Two authors performed electronic searches of the online MEDLINE database in August 2023. The titles and abstracts were assessed by the same two authors and all potentially relevant articles were identified for full-text review. The final selection from the set of full-text articles was independently performed by two authors with disagreements resolved via discussion with two senior authors.

Data extraction

Information on each study characteristic was extracted by two authors (V.A and F.A) and included the article information (e.g., first author, publication year), population demographics, study methodology, and key findings. Oncological outcomes as well as enzalutamide-related toxicity were summarized.

Analysis of results

Studies were analyzed using a narrative synthesis approach. A meta-analysis of OS rates and toxicity was not performed because of the variation in study populations and intervention types in the studies.

Evidence synthesis

Our initial search identified 401 studies. The titles and abstracts identified via this search were screened and 15 papers were selected for full text review according to the eligibility and exclusion criteria. Of these, 3 publications were excluded (two due to redundancy in the dataset and one did not report outcomes and/or toxicity results). The study selection steps are presented in Fig. 1.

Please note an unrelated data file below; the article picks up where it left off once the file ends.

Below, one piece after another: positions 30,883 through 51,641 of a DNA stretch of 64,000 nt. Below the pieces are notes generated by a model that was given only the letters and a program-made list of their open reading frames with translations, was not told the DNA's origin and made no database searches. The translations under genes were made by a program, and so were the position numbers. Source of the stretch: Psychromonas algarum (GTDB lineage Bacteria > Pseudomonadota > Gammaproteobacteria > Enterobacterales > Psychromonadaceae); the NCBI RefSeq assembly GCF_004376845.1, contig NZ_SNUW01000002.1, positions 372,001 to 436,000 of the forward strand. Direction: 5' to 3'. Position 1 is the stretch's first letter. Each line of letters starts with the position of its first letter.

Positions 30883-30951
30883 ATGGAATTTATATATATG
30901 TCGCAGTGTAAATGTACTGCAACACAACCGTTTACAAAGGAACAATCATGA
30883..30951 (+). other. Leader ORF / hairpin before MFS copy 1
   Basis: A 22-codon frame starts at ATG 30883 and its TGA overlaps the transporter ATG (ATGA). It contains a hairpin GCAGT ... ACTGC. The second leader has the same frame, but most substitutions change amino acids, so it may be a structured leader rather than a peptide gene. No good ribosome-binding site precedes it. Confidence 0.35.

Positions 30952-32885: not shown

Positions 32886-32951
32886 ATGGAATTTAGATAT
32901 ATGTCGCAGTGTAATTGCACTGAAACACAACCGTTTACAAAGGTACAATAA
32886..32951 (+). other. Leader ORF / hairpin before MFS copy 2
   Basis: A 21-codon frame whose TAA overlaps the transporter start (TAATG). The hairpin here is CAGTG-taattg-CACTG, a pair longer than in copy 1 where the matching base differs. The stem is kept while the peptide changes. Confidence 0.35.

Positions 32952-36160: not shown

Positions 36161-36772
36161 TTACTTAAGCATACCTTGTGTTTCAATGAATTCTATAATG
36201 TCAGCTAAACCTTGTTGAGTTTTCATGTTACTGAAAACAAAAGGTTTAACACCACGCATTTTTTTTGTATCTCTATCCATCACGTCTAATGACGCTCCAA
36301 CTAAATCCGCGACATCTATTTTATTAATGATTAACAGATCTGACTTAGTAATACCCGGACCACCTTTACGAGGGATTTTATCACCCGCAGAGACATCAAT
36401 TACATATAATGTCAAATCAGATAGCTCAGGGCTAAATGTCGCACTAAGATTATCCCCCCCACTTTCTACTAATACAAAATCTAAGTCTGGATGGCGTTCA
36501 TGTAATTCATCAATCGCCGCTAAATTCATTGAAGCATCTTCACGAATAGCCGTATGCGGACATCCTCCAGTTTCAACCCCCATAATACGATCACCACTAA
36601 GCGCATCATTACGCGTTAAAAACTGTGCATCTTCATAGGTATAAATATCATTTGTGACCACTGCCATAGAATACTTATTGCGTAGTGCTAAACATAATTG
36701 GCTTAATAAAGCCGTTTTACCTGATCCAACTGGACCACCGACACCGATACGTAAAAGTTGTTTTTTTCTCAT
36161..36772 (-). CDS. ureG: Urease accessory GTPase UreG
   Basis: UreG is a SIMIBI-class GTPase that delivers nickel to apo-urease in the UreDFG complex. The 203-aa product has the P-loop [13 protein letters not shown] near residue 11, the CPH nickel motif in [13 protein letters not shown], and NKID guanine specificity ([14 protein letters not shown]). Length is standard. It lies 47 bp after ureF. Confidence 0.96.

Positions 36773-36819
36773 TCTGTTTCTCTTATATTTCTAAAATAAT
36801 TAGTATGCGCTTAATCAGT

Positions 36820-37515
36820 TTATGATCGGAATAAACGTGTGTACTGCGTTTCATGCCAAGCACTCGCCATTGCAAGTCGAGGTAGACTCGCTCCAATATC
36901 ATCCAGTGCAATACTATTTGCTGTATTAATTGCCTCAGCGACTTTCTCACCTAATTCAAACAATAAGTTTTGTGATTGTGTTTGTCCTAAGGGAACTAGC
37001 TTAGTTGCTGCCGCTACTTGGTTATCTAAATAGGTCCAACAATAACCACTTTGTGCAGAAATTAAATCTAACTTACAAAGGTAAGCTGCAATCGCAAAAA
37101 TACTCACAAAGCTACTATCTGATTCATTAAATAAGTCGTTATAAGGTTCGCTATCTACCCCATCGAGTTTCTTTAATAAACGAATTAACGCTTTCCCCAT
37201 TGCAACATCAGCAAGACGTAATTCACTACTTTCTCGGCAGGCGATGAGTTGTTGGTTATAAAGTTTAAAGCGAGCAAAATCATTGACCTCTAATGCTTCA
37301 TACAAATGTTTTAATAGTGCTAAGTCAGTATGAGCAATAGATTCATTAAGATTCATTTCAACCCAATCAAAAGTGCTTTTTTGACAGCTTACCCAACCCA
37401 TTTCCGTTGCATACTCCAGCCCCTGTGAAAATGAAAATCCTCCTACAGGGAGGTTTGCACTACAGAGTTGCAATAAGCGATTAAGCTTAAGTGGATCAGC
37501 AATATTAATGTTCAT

Fig. 1: PRISMA diagram of the study selection procedure for the systematic review and meta-analysis.
figure 1

PRISMA: Preferred reporting items for systematic reviews and meta-analyses.


Table 1 summarizes the characteristics of the 12 publications. Most trials are phase 2 trials (n = 10) except for 2 being phase 3 trials [12, 13]. The primary and the salvage setting are approximately equally represented in these publications (n = 7 [13,14,15,16,17,18,19] versus n = 6 [12, 13, 20,21,22,23] respectively). The therapeutic combinations evaluated frequently were enzalutamide and radiotherapy (RT) (n = 5 [14, 15, 18, 20, 23]), and enzalutamide + ADT ± RT ± Abiraterone (n = 5 [12, 13, 16,17,18]). Finally, 3 studies had at least one arm evaluating enzalutamide only [19, 21, 22].

Table 1 Available prospective studies on enzalutamide in Primary and Recurrent Non-Metastatic Hormone Sensitive Prostate Cancer.

Primary setting

As an alternative to Active Surveillance

The ENACT trial is an open-label phase 2 trial which randomized patients with low-risk or intermediate-risk PCa between active surveillance (AS) and AS plus enzalutamide monotherapy given for 1 year [19]. The primary endpoint was time to pathological or therapeutic PCa progression (pathological, ≥1 increase in primary or secondary Gleason pattern or ≥15% increased cancer-positive cores; therapeutic, earliest occurrence of primary therapy for PCa). Approximately half of the patients had low-risk disease, the other half had favorable intermediate-risk disease. With a median follow-up of 16.2 months for patients receiving enzalutamide and 8.8 months for patients undergoing AS, treatment with enzalutamide significantly reduced the risk of PCa progression by 46% vs AS (28.1% vs 37.2% respectively, HR, 0.54; 95% CI: 0.33–0.89; P = 0.02). During the 1-year treatment period, 92.0% of patients reported any grade toxicity in the enzalutamide group versus 54.9% in the AS group. The most frequent reported toxicity in the enzalutamide group was fatigue in more than half of the patients, gynecomastia and other-related symptoms in one third of the patients, and erectile dysfunction in 18% of patients.